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  1. #1
    Senior Member ronbo's Avatar
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    Returning to cycling after 15 years off

    Hello everyone. This august I will be 51. After my son's basic training graduation, I decided I need to return to my former self. Many years of, well...varied inactivity...have left me overweight and out of energy. I have recently lost 14 pounds and started riding my old schwinn criss-cross a couple of weeks ago on a rails to trails conversion here in the midwest. As the pounds continue to melt off, I am already feeling better. I was once a 250 mile per week road cyclist, an avid (rabid) off road rider and general fitness buff. Roller blading, skateboarding, body surfing, cross country and downhill skiing, rock climbing, parasailing...the whole nine yards. My spare time was consumed with these sports/hobbies. I recently realized I have sacrificed many of my favorite things to be lazy and fat. Perhaps someone else here can relate.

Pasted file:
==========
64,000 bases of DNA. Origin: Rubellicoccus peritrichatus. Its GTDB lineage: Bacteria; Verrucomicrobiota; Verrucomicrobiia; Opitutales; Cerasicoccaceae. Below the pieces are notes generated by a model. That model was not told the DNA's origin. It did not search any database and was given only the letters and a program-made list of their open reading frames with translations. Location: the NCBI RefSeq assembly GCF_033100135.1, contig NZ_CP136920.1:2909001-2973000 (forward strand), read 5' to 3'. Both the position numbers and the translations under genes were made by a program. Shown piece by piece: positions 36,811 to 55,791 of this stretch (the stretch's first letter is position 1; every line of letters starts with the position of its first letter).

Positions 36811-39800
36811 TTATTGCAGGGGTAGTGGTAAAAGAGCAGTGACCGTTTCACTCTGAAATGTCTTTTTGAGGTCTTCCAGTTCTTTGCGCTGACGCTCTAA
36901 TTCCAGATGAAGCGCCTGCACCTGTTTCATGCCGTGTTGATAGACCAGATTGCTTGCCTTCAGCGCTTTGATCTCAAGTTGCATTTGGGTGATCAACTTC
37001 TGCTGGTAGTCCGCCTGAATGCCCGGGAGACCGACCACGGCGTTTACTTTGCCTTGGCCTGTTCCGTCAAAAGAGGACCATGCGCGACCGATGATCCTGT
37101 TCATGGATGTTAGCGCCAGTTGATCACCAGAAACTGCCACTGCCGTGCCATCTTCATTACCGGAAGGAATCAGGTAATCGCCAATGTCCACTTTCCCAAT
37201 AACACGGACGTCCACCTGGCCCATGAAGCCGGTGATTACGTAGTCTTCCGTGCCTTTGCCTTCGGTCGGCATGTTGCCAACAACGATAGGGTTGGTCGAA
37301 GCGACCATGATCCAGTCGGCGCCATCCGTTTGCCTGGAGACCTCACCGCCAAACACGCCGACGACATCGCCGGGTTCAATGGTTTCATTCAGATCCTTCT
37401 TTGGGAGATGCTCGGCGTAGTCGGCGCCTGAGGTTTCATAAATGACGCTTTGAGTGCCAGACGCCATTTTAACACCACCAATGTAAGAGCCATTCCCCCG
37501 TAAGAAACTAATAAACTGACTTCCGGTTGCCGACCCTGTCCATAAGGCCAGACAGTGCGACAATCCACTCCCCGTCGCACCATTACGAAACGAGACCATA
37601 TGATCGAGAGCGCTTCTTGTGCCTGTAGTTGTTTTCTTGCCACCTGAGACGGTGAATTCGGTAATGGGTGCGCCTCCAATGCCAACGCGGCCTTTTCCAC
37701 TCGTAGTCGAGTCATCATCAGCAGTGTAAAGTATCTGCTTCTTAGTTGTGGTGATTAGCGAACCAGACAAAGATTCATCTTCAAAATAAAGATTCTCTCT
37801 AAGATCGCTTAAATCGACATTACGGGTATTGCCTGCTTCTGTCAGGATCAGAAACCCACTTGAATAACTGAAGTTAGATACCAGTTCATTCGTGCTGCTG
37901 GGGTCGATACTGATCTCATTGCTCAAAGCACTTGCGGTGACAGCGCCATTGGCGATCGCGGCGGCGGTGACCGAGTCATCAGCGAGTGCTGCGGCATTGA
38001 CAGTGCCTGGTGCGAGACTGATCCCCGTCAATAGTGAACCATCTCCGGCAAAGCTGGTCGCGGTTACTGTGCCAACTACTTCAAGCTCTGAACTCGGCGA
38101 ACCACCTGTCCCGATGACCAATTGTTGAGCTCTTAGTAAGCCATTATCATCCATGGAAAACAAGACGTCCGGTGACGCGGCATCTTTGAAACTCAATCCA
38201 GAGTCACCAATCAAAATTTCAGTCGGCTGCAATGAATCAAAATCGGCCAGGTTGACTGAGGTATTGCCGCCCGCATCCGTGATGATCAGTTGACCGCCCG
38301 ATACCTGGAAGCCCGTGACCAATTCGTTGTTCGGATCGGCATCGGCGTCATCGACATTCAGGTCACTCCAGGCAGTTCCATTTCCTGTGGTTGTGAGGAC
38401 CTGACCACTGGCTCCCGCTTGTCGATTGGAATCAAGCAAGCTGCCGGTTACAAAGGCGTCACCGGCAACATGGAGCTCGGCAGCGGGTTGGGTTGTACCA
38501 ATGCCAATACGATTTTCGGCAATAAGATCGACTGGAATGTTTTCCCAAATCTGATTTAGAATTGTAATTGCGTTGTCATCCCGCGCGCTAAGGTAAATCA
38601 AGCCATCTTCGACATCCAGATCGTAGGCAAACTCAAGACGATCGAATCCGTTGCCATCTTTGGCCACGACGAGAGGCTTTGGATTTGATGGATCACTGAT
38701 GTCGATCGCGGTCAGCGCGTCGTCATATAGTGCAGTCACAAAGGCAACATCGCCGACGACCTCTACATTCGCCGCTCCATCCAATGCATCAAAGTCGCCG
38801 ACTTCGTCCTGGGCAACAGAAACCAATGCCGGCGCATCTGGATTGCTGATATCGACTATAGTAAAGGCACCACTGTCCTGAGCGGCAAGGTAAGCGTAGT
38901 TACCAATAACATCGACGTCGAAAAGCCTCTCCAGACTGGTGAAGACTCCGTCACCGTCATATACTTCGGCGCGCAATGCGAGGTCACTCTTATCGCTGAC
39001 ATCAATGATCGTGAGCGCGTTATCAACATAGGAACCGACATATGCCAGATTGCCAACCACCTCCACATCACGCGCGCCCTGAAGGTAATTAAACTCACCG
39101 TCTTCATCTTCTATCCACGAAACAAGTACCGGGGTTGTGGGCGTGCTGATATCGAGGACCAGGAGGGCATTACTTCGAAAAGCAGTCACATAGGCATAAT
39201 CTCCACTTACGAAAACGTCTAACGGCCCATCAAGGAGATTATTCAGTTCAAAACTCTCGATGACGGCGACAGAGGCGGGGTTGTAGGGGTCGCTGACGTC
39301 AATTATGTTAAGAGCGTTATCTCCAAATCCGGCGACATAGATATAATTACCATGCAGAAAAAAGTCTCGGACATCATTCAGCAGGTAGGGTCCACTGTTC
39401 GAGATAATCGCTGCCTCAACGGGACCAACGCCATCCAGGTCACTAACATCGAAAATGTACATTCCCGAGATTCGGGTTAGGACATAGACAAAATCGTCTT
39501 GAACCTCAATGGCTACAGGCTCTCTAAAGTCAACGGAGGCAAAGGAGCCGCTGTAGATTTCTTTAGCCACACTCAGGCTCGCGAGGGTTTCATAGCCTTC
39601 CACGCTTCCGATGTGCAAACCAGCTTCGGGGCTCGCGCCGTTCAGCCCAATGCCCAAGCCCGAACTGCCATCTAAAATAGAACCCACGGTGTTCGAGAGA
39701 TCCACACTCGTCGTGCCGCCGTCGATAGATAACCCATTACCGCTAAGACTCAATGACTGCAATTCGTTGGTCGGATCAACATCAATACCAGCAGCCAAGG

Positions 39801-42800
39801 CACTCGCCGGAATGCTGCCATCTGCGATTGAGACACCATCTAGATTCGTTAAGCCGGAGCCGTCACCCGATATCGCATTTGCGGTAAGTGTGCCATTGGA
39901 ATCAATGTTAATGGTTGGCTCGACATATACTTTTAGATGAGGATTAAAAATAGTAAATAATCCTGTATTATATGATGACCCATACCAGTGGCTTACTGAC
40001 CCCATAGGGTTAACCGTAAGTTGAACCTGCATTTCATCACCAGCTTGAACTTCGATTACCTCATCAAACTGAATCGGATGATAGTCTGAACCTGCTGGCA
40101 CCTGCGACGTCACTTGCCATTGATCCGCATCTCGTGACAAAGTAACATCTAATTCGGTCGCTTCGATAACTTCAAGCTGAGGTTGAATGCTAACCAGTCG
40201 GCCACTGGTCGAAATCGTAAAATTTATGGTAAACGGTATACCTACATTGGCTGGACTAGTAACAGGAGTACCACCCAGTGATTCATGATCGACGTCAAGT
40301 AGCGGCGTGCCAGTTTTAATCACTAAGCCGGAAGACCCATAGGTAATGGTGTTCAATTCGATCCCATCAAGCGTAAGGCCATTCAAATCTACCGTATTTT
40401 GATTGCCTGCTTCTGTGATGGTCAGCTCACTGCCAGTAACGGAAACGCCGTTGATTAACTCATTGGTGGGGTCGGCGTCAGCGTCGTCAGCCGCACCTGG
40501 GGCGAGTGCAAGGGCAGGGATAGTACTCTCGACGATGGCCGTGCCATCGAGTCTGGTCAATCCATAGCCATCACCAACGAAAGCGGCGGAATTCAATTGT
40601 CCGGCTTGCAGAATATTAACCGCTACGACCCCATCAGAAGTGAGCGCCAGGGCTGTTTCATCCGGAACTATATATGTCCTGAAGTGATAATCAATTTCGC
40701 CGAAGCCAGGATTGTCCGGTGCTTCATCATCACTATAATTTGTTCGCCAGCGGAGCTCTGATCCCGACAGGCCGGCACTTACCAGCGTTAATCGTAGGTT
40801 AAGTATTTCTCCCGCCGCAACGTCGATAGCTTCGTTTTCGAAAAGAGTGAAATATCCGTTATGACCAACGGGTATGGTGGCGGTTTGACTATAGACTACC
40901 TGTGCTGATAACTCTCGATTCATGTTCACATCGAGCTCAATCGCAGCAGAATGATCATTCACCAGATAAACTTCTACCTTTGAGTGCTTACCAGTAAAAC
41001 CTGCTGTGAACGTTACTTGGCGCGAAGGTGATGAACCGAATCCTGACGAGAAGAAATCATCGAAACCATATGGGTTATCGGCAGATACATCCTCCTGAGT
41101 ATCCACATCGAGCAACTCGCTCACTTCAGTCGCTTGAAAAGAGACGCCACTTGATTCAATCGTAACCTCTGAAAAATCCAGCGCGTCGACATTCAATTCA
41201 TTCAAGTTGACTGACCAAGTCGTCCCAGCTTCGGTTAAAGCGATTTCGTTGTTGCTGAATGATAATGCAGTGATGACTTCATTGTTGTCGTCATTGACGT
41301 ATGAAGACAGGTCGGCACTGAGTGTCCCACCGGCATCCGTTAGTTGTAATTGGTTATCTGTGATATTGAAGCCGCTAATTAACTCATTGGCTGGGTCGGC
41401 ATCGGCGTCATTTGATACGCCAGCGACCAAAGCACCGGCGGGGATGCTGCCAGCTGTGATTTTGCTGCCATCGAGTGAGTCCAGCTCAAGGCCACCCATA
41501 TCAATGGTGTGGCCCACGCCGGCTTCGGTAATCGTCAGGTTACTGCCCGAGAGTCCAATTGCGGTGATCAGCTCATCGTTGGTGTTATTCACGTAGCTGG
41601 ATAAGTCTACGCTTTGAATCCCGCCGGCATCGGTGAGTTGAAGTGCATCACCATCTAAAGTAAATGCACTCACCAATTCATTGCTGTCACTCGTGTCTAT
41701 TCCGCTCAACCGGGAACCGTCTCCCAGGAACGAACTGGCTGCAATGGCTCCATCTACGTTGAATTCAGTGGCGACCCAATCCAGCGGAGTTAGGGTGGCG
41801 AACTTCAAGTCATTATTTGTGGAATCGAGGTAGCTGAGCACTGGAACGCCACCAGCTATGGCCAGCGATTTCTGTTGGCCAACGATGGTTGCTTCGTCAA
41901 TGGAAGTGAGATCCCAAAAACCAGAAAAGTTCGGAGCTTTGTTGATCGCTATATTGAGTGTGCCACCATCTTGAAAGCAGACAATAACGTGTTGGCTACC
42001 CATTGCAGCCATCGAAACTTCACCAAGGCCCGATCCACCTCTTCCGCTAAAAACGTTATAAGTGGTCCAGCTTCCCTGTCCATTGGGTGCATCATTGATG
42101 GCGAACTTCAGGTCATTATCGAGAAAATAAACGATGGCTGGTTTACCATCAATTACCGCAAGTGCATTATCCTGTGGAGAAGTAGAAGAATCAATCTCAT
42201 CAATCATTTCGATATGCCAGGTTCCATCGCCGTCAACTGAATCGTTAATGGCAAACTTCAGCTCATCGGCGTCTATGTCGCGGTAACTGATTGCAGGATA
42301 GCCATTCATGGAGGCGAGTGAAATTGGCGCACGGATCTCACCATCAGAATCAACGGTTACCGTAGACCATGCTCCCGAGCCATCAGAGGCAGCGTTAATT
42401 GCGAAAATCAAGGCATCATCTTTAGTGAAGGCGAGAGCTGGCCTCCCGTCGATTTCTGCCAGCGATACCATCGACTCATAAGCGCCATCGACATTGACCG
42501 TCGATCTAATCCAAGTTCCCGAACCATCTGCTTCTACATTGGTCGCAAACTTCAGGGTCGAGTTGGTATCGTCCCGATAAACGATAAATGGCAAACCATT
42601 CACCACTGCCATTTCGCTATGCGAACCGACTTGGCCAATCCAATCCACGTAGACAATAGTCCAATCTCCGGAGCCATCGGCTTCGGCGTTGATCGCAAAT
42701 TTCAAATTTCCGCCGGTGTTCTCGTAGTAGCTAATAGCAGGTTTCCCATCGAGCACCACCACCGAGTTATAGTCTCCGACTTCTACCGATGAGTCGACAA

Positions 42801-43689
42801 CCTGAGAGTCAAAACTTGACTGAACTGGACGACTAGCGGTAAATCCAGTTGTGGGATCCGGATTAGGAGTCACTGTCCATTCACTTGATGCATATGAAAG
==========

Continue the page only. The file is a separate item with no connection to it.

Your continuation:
Today I rode 10.5 miles on a soft, rainsoaked limestone chat railroad bed. It was a good ride, but my expectations are high. I feel the power of muscle memory kicking in and accidentally overdo it. I feel the wind in my face and push until anaroebic lockup from lactic acid in my legs is way too near. My heart rate hovers within 5 bpm of the "220-your age" wisdom of my memory.